Articles | Volume 15, issue 5
The Cryosphere, 15, 2315–2331, 2021
https://doi.org/10.5194/tc-15-2315-2021
The Cryosphere, 15, 2315–2331, 2021
https://doi.org/10.5194/tc-15-2315-2021

Research article 18 May 2021

Research article | 18 May 2021

Hourly surface meltwater routing for a Greenlandic supraglacial catchment across hillslopes and through a dense topological channel network

Colin J. Gleason et al.

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Interactive discussion

Status: closed
Status: closed
AC: Author comment | RC: Referee comment | SC: Short comment | EC: Editor comment
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Peer-review completion

AR: Author's response | RR: Referee report | ED: Editor decision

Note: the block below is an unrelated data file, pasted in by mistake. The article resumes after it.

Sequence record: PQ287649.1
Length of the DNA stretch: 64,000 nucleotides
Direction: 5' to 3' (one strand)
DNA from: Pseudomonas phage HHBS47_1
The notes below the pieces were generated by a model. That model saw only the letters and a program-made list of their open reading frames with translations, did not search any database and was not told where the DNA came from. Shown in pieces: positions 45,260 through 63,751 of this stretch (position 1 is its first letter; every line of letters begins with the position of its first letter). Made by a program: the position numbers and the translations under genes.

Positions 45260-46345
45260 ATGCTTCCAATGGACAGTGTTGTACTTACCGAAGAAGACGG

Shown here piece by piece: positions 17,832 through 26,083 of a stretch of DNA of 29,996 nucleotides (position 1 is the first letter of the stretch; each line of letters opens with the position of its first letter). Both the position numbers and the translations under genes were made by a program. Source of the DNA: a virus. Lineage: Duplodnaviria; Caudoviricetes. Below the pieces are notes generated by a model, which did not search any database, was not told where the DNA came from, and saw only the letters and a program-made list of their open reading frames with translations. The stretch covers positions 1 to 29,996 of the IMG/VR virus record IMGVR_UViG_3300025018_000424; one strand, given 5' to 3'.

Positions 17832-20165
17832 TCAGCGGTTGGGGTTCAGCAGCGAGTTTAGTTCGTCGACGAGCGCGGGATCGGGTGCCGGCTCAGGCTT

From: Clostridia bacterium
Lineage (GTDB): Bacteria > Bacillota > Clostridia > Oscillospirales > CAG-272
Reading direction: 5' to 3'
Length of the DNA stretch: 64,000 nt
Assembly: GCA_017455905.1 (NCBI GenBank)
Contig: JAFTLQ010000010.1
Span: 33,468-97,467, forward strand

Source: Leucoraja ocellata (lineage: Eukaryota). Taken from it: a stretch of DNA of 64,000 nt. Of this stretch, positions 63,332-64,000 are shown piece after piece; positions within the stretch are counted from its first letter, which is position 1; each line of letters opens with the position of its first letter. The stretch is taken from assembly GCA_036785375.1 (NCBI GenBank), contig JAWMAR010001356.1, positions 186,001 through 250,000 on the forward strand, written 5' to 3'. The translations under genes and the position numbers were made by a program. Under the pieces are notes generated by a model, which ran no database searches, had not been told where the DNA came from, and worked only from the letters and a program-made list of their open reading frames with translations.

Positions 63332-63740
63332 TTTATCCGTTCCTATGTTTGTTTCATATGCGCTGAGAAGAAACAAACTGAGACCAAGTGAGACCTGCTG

ED: Publish subject to revisions (further review by editor and referees) (23 Feb 2021) by Nanna Bjørnholt Karlsson
AR by Colin Gleason on behalf of the Authors (25 Feb 2021)  Author's response    Author's tracked changes    Manuscript
ED: Referee Nomination & Report Request started (26 Feb 2021) by Nanna Bjørnholt Karlsson
RR by Sammie Buzzard (13 Mar 2021)
ED: Publish subject to technical corrections (26 Mar 2021) by Nanna Bjørnholt Karlsson
AR by Colin Gleason on behalf of the Authors (30 Mar 2021)  Author's response    Manuscript

Post-review adjustments

AA: Author's adjustment | EA: Editor approval
AA by Colin Gleason on behalf of the Authors (04 May 2021)   Author's adjustment   Manuscript
EA: Adjustments approved (06 May 2021) by Nanna Bjørnholt Karlsson
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Short summary
We apply first-principle hydrology models designed for global river routing to route flows hourly through 10 000 individual supraglacial channels in Greenland. Our results uniquely show the role of process controls (network density, hillslope flow, channel friction) on routed meltwater. We also confirm earlier suggestions that large channels do not dewater overnight despite the shutdown of runoff and surface mass balance runoff being mistimed and overproducing runoff, as validated in situ.